Hamlet and King Lear to help Hamlet with his antic disposition, and to the apparition of
Poor Tom, respectively.

One characteristic of tragedies is that revenge has to take place at some point of
the play. Prince Hamlet, who is depressed and rather melancholic at the beginning,
encounters his father’s ghost one evening. This apparition explains to Hamlet that
Claudius, poisoned him. Irascible prince Hamlet follows his late father’s words to take
revenge on King Claudius. Nonetheless, the prince feels quite confused towards the
apparition and wonders whether it was real or a trick of his eyes. Then, Hamlet decides
to adopt an antic disposition and, furthermore, determines that the perfect way to know
if the ghost’s words were true is by setting a play that mirrors nature in the most direct
and realistic aspect. The mimesis performed, that is the representation of happenings as
told by the ghost, is such that infuriates Claudius, who abruptly leaves the room. It is at
this moment that Hamlet confirms the ghost is trustworthy. This play shows a paradox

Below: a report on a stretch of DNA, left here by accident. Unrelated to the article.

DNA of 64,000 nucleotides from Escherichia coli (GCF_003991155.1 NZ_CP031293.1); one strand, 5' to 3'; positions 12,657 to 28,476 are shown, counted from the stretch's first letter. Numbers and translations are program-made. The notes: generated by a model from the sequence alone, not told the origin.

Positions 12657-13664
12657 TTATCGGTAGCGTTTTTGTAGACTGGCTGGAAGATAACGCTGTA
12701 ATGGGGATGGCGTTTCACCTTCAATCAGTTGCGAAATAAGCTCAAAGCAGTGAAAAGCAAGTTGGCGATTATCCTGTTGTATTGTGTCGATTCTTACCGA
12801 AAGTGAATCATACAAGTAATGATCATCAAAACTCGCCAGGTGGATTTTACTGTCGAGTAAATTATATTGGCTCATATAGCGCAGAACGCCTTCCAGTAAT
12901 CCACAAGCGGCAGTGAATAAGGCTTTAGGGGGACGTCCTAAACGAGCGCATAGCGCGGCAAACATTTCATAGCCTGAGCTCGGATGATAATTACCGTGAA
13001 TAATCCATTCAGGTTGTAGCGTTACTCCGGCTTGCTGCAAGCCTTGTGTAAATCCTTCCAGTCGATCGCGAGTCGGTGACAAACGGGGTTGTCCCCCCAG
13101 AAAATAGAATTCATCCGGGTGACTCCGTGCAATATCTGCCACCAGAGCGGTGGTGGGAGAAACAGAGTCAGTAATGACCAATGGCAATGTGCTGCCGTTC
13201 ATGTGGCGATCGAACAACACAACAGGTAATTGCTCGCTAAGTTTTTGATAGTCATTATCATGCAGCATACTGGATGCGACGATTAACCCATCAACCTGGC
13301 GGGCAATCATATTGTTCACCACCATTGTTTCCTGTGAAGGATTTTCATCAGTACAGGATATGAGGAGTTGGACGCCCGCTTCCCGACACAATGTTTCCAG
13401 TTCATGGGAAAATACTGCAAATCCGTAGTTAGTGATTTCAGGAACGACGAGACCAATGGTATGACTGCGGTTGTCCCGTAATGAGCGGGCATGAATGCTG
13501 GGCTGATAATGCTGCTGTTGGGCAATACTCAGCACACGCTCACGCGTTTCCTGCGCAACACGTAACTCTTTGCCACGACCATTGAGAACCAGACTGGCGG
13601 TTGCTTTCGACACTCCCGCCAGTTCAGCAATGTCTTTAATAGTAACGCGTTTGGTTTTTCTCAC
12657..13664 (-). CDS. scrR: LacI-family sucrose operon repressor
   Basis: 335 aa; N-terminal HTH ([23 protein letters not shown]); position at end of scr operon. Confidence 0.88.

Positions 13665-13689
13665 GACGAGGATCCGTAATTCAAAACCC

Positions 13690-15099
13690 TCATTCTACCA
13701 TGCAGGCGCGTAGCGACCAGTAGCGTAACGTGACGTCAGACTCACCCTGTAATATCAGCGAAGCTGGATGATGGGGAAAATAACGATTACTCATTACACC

in that it not only reminds the entire audience of some moral values, but also evidences
Hamlet’s intention: to avenge his father by killing Claudius if his theory is confirmed.

In this brief summary of the inset-play, the attention of Hamlet’s audience is


directed towards the business of acting itself: people can see on stage how a director
(Hamlet) tells the actors what he wants to portray, the feelings he wants to convey, and
the type of catharsis he wants the audience to undergo. In this respect, the wall between
reality and fiction is broken as Hamlet’s audience can access the world of theatre behind
the scenes.

Hamlet’s antic disposition can be compared to Poor Tom’s. The latter character
from King Lear pretends he is mentally insane to make his way into salvation. The
importance of this new character resides in that he ultimately takes over The Fool’s

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place, being that of commenting upon Lear’s actions and events, as well as, on
occasions, acting as the King’s conscience.

According to Foucault, madness involves a loss of self as identity becomes


incoherent, so it could be said that Edgar’s disguise is a form of madness. He plays Poor
Tom as a beggar in conversation with devils:

EDGAR. Frateretto calls me, and tells me Nero is an an-


gler in the lake of darkness. Pray, innocent, and be-
ware the foul friend. (3.6.6-8)

Here, one can argue that Edgar resorts to biblical allusions so that people around